I recently moved my refridgerator to a new location. It went unplugged for two days, when I replugged it in, it keeps tripping the gfi outlet. It worked fine before the more and the new location had a refridgerator plugged into the gfi (I just replaced refridgerators -- same brand side by side Whirlpools about five years old).
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Hi Maurika, thank you for your question. Often when a unit is
recently installed and trips the breaker, it is typically because it may have too
many appliances running on one particular outlet, using a GFI plug or an issue
with the breaker. If any prove ineffective, then I recommend having an actual
diagnosis from an experienced tech would determine the precise cause to reduce
the risk of unnecessary parts.
It sounds like you've plugged your fridge into a GFI (ground fault interrupter) outlet.
The National Electrical Code (NEC) article 210.8 A (6) says in dwelling units, only those outlets in a kitchen (I'm assuming your fridge is in the kitchen - right?) "where the receptacles are installed to serve the countertop surfaces" must be provide ground fault protection aka "GFI outlet". Unless your town, city, county or state has laws that supersede the NEC, you should have the outlet changed to a standard, grounded outlet to prevent the nuisance tripping you are experiencing when the cooling compressor is trying to start. A refrigerator is not a counter surface appliance, and therefore does not require GFI protection.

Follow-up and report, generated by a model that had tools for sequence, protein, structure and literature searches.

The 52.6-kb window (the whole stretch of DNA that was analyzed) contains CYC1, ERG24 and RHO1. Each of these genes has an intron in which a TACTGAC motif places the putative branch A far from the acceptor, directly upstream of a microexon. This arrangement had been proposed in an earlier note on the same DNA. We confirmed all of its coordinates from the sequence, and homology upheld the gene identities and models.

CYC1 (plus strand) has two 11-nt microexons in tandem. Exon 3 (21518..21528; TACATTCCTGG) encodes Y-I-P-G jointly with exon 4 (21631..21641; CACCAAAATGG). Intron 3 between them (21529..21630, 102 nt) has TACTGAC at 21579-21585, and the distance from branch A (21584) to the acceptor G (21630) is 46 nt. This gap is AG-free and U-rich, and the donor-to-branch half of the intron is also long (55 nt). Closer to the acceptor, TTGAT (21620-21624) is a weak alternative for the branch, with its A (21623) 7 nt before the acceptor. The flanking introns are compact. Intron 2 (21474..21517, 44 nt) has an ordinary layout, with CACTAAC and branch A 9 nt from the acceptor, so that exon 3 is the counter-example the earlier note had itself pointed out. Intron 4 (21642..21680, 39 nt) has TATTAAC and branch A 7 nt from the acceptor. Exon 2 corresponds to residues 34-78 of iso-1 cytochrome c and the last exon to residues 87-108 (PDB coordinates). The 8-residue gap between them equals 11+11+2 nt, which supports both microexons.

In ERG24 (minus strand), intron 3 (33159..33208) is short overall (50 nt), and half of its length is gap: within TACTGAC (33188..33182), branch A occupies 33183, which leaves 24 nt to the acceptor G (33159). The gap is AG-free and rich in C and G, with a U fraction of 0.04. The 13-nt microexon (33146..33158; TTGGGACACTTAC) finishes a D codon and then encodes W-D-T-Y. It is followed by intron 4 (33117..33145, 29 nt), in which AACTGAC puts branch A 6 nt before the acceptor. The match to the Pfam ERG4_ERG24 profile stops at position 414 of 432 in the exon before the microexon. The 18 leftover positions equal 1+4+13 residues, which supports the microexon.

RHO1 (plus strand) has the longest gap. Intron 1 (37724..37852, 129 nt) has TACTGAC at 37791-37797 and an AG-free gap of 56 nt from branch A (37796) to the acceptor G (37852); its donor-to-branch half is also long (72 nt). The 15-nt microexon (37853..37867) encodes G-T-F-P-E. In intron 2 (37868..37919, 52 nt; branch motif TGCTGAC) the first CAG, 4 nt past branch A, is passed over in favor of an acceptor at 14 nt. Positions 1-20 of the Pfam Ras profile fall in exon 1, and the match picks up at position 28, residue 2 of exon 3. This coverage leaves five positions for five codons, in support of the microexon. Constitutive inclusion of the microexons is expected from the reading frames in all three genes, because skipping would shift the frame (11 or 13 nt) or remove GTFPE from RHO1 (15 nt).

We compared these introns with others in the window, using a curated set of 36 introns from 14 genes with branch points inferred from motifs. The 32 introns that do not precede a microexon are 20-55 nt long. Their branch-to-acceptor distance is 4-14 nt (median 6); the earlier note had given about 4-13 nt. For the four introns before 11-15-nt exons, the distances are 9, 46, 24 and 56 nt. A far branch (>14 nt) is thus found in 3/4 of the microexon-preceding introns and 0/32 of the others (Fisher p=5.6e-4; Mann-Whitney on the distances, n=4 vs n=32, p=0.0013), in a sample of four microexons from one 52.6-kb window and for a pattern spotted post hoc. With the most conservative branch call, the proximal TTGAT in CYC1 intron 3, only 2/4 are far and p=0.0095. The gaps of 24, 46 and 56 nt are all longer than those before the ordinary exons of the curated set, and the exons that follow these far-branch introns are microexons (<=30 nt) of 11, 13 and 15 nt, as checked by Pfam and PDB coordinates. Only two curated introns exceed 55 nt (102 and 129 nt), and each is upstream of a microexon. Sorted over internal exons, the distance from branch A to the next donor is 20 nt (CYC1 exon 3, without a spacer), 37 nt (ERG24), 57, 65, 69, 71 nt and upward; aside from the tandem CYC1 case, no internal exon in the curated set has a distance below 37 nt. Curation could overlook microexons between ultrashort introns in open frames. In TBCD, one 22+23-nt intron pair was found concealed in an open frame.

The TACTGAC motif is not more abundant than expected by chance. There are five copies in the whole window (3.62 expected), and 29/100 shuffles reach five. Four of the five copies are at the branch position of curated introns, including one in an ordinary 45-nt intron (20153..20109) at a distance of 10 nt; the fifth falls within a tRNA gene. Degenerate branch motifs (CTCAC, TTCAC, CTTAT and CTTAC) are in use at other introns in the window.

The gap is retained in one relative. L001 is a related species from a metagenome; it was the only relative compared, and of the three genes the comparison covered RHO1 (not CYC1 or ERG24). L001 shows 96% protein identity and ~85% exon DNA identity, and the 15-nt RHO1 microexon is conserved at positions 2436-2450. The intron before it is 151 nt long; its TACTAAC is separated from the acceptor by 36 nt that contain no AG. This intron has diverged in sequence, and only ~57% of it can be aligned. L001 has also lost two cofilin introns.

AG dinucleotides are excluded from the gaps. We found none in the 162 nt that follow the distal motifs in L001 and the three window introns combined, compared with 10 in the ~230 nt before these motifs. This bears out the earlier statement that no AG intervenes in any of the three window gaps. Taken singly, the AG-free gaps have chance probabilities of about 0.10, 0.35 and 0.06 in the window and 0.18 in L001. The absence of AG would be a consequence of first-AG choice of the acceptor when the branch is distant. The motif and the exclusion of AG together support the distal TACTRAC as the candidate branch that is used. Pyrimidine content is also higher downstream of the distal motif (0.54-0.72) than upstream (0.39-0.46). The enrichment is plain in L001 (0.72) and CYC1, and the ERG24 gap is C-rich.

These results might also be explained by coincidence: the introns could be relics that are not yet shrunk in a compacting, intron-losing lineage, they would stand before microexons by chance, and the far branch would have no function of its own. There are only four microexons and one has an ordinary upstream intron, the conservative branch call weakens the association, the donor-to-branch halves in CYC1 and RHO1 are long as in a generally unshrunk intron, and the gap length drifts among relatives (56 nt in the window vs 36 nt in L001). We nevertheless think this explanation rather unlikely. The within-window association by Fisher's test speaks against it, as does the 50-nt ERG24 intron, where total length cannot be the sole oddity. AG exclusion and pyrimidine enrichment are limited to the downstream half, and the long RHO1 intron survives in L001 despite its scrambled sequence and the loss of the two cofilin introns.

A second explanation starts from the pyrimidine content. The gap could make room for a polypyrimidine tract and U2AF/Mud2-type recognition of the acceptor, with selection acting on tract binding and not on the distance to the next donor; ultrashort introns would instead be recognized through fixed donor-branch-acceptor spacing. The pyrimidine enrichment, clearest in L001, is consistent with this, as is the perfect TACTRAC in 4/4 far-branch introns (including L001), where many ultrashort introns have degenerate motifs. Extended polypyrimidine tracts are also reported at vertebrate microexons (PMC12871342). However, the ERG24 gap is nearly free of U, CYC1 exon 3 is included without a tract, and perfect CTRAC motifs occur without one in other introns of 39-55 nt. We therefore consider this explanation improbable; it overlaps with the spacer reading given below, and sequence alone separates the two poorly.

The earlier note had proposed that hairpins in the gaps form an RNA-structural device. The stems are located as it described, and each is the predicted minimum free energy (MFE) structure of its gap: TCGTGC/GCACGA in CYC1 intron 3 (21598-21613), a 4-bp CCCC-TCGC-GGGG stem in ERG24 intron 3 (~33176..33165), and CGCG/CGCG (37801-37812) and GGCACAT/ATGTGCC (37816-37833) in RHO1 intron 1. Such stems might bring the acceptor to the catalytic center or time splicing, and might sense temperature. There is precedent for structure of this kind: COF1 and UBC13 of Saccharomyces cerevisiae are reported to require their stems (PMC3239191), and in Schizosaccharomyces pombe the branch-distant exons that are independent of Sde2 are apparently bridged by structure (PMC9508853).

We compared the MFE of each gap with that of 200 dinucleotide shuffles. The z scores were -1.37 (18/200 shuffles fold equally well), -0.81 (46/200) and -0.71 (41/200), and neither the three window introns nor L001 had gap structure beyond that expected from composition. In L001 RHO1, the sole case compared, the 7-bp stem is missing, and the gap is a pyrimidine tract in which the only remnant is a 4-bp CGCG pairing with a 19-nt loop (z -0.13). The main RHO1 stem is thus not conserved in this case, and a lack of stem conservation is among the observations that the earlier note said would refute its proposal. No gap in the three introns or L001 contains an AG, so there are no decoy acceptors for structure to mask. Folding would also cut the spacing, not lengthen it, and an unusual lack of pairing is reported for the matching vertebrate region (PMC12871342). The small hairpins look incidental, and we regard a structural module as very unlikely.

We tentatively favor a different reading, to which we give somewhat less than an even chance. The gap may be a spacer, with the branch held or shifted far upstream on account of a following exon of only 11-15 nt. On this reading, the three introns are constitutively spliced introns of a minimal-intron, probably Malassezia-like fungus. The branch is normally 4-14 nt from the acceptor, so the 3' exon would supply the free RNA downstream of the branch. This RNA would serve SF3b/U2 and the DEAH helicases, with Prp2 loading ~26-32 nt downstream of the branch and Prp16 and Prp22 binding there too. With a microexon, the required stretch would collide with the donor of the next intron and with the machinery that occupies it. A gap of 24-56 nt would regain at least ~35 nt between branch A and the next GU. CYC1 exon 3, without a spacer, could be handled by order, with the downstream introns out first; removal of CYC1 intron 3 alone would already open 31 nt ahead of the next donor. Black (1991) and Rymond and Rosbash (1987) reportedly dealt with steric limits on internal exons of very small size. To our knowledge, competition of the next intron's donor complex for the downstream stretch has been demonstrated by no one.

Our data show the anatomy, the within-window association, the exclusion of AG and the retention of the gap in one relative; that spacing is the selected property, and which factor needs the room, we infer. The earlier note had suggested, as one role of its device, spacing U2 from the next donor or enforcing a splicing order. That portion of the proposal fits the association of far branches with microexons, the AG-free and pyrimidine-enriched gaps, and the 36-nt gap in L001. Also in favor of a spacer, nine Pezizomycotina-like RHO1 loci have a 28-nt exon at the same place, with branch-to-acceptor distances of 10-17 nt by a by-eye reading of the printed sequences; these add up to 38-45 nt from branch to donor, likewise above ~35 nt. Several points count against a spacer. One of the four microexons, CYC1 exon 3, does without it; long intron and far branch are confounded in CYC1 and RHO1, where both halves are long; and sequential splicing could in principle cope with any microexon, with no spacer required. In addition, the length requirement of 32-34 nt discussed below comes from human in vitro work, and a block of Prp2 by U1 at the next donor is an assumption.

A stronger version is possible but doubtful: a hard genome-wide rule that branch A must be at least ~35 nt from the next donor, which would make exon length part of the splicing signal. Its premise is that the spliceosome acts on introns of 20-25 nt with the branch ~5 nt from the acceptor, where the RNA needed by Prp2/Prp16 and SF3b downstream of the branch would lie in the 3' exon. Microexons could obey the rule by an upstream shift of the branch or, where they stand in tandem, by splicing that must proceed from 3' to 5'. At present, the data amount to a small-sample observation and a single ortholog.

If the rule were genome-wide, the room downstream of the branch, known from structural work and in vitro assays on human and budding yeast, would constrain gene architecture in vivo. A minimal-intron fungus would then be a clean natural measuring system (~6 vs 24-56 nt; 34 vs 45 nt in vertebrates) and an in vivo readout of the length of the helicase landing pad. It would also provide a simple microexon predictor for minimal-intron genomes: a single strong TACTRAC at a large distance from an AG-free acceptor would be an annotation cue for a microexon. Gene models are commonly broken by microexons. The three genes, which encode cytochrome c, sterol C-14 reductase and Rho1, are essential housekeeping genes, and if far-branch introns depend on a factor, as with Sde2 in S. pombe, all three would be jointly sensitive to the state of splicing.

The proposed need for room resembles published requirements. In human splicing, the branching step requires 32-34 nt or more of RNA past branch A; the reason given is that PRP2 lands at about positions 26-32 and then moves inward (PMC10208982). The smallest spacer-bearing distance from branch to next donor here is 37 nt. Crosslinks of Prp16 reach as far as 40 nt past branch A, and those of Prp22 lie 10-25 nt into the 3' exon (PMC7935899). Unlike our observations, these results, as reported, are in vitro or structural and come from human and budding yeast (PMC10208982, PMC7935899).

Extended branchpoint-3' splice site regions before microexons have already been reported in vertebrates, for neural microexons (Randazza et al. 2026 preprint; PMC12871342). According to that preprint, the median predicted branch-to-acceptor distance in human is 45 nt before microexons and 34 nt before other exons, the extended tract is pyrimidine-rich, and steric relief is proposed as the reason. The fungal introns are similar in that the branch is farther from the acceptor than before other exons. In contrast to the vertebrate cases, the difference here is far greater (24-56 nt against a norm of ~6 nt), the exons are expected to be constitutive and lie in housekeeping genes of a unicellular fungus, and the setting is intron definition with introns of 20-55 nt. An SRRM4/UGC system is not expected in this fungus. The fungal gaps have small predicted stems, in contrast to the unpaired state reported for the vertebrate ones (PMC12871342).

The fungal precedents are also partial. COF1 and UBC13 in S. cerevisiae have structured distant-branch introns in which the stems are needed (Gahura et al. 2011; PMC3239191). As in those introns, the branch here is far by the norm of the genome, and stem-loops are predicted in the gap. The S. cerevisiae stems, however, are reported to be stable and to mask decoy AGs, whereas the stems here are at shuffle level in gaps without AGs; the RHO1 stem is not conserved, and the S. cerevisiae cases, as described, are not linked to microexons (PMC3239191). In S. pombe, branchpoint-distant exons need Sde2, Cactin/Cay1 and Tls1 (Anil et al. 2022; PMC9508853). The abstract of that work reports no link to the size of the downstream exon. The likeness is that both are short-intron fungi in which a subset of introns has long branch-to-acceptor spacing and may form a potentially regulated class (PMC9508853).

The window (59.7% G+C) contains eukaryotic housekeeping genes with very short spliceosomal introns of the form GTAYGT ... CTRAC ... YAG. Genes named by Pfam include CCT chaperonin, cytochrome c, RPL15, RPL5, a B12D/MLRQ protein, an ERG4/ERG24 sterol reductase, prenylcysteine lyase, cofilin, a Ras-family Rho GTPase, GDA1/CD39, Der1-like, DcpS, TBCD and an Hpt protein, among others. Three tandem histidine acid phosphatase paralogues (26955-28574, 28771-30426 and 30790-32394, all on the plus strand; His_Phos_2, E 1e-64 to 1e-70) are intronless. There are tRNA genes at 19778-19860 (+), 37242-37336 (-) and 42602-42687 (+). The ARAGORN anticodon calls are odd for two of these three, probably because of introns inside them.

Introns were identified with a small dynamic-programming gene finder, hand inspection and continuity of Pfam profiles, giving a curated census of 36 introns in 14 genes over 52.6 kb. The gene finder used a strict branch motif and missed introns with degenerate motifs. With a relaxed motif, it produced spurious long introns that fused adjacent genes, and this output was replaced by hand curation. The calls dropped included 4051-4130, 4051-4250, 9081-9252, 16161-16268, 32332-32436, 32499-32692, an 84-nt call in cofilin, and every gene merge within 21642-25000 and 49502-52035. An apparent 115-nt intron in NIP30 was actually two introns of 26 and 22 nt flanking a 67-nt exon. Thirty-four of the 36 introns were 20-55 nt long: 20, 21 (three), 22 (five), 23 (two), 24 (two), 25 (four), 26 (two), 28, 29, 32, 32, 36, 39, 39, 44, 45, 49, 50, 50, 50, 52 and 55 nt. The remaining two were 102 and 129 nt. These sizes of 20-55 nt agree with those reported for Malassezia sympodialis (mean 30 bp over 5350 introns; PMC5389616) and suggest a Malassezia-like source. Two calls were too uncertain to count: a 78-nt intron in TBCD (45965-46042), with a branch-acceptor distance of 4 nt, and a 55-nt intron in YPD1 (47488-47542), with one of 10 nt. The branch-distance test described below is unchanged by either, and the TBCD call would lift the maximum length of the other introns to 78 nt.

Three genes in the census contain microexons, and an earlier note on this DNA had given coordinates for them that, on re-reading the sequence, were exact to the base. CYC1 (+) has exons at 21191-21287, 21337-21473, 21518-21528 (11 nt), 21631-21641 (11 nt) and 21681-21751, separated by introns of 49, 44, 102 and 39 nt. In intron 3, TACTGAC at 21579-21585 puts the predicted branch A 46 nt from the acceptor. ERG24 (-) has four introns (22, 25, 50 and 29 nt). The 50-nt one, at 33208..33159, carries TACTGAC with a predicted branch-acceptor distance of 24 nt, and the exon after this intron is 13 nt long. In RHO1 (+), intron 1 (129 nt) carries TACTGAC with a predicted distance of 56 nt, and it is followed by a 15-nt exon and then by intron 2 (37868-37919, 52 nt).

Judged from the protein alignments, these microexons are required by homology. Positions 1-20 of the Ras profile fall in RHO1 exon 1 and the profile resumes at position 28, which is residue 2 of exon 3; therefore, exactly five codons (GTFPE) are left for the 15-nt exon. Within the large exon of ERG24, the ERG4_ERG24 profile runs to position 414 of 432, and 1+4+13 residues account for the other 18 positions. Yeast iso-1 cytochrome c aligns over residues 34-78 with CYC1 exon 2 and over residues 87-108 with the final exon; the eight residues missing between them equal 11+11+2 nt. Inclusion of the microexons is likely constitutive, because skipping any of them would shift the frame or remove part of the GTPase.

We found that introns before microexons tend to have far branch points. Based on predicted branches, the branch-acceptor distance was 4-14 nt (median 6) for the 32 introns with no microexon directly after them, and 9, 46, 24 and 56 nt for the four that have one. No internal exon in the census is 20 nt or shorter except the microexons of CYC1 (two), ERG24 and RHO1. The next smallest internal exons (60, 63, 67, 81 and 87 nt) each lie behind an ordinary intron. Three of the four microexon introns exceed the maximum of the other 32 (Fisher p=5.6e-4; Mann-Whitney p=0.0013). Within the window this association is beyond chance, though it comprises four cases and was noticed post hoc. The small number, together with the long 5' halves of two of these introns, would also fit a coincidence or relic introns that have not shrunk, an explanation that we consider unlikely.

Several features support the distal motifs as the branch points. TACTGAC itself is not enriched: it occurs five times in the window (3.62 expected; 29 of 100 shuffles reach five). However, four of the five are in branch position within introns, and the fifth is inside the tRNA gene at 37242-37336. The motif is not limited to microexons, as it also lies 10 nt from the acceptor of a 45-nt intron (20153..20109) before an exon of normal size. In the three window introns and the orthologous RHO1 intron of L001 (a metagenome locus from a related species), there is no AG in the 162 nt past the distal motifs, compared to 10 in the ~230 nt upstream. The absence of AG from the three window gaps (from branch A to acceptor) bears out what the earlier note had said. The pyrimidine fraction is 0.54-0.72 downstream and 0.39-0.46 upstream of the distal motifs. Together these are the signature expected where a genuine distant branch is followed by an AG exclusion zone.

The other outlets are fed from this outlet, so when you connect the fridge to another outlet on the circuit, the same GFI plug trips again. When you replace the GFI plug with a "regular one, the GFI plug should be installed in another outlet to provide the GFI protection needed in the kitchen - as described in the NEC above. If you are not familiar with how to do this, please, call a licensed electrician to do this very important job for you. Be safe & be smart.
Refrigerators should never be plugged into a GFI due to the start up amps that it draws on start up. With other items on the same circuit it is too much of a load. Refrigerator need to be on there own individual circuit to keep this from happening and not a GFI. Hope this helped.
GFI outlets tend to wear out very quickly with a refrigerator running on them,most Manufacturers do not recommend plugging any major appliance into a GFI outlet.If you plug it into a non GFI outlet and it works fine the problem is in the outlet.
Hi: Yes, replace the GFI outlet. A refrigerator should not be plugged into one for what you are experiencing and food loss. This was an easy answer for me, but unfortunately not for you The owners manual covers this, but us men don't read them (Well I had to as I worked with them for 30 years). Good luck, Jeff
Hi, Are you unplugging the big black hard wire that goes under the evaporator coil in the freezer. If so, that is the defrost heater and it has gone bad. Please let me know if I can explain anything further.
I assume by "earth leakage" you mean it is on a GFI circuit? Some older GFI outlets are sensitive to and do not work well with motors or other inductive loads like your refridgerator compressor. As for the compressor feeling hot, this is usually normal.
If this is a GFI outlet, try replacing it with new unit. If it is a GFI breaker, try replacing that.